‘Chesapeake’ Takes A Bite At Political Bluster
WATERTOWN, Mass. — The right wing, it seems, will always need the National Endowment for the Arts — as much as it wants to destroy it. The NEA has been a handy horse to kick, one that seems to symbolize a left wing run amok. Imagine taking those hard-earned tax dollars and giving it to a woman to smear chocolate over herself or to a man to denigrate Jesus.
But watching Lee Blessing’s “Chesapeake” at the New Repertory Theatre black box (through Dec. 16), I started to wonder if maybe it’s the left that needs right-wing blowhards to justify a certain self-righteousness about the importance of federal funding for the arts.
The 1999 play is a cute if inconsequential comedic crowd-pleaser, considering that theater crowds are overwhelmingly liberal. The story centers on a female performance artist, Kerr, who is targeted by a right-wing congressman running for senator who rails about her nude theater piece. He wins and she plans to kidnap his dog and make the kidnapping a work of art, and that’s when the second-half fun really begins. In the tradition of performance art, it’s a one-woman show.
It’s hard to go much beyond that without giving away the second-half twist, but “Chesapeake” is an unapologetic defense of public funding of the arts and, conversely, an attack on those who would deny it. Art, it is rightly said in the play, charts undiscovered country, just as Lewis and Clark did.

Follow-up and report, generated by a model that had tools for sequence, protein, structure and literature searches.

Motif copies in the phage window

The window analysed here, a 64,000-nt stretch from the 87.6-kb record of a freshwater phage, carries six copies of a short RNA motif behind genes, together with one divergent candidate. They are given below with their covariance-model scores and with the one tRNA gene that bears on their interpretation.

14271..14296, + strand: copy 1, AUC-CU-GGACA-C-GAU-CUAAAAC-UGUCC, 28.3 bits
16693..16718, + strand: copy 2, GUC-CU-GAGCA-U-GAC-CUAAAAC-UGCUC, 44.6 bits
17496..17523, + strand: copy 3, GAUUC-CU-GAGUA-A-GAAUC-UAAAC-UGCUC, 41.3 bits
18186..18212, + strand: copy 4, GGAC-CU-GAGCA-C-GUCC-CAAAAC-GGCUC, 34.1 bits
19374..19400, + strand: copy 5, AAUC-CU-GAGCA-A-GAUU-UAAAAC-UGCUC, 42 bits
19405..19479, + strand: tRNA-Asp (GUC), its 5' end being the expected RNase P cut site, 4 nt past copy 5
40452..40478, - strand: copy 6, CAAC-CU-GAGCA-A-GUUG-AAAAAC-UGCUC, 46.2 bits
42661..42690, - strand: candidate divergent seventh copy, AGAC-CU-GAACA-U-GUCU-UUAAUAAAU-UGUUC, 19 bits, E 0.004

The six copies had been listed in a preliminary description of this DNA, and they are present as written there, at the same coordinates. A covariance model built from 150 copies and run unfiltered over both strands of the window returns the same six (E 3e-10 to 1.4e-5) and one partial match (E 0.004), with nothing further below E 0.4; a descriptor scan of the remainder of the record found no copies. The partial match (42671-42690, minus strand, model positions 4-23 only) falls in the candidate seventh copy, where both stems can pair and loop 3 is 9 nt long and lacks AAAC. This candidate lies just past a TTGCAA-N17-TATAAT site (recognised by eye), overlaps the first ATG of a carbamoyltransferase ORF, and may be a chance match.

By that standard, “Chesapeake” is not a work of art. It takes us nowhere we haven’t been in the 35-year culture wars as it preaches to the choir.
But it is an entertainment, the difference being that entertainment doesn’t have the mandate to take us to different places. Blessing (“A Walk in the Woods”) is a clever writer and there are some very funny satirical pokes at the right and some witty asides about the way we love our dogs and vice versa.
Bringing all that home is Georgia Lyman, who turns in a terrific performance as Kerr, and a cur or a cad or two. She has an enthusiasm for the material, evoked by an eager smile or a galloping run across the stage. She always keeps the play’s head above water even as it gets drawn out over two acts. Kudos also to director Doug Lockwood and Deb Sullivan for her smart lighting and simple set design.
So by all means go to be entertained, particularly by the satirical whimsy of the second half. But you won’t need a theatrical GPS. You know this territory already.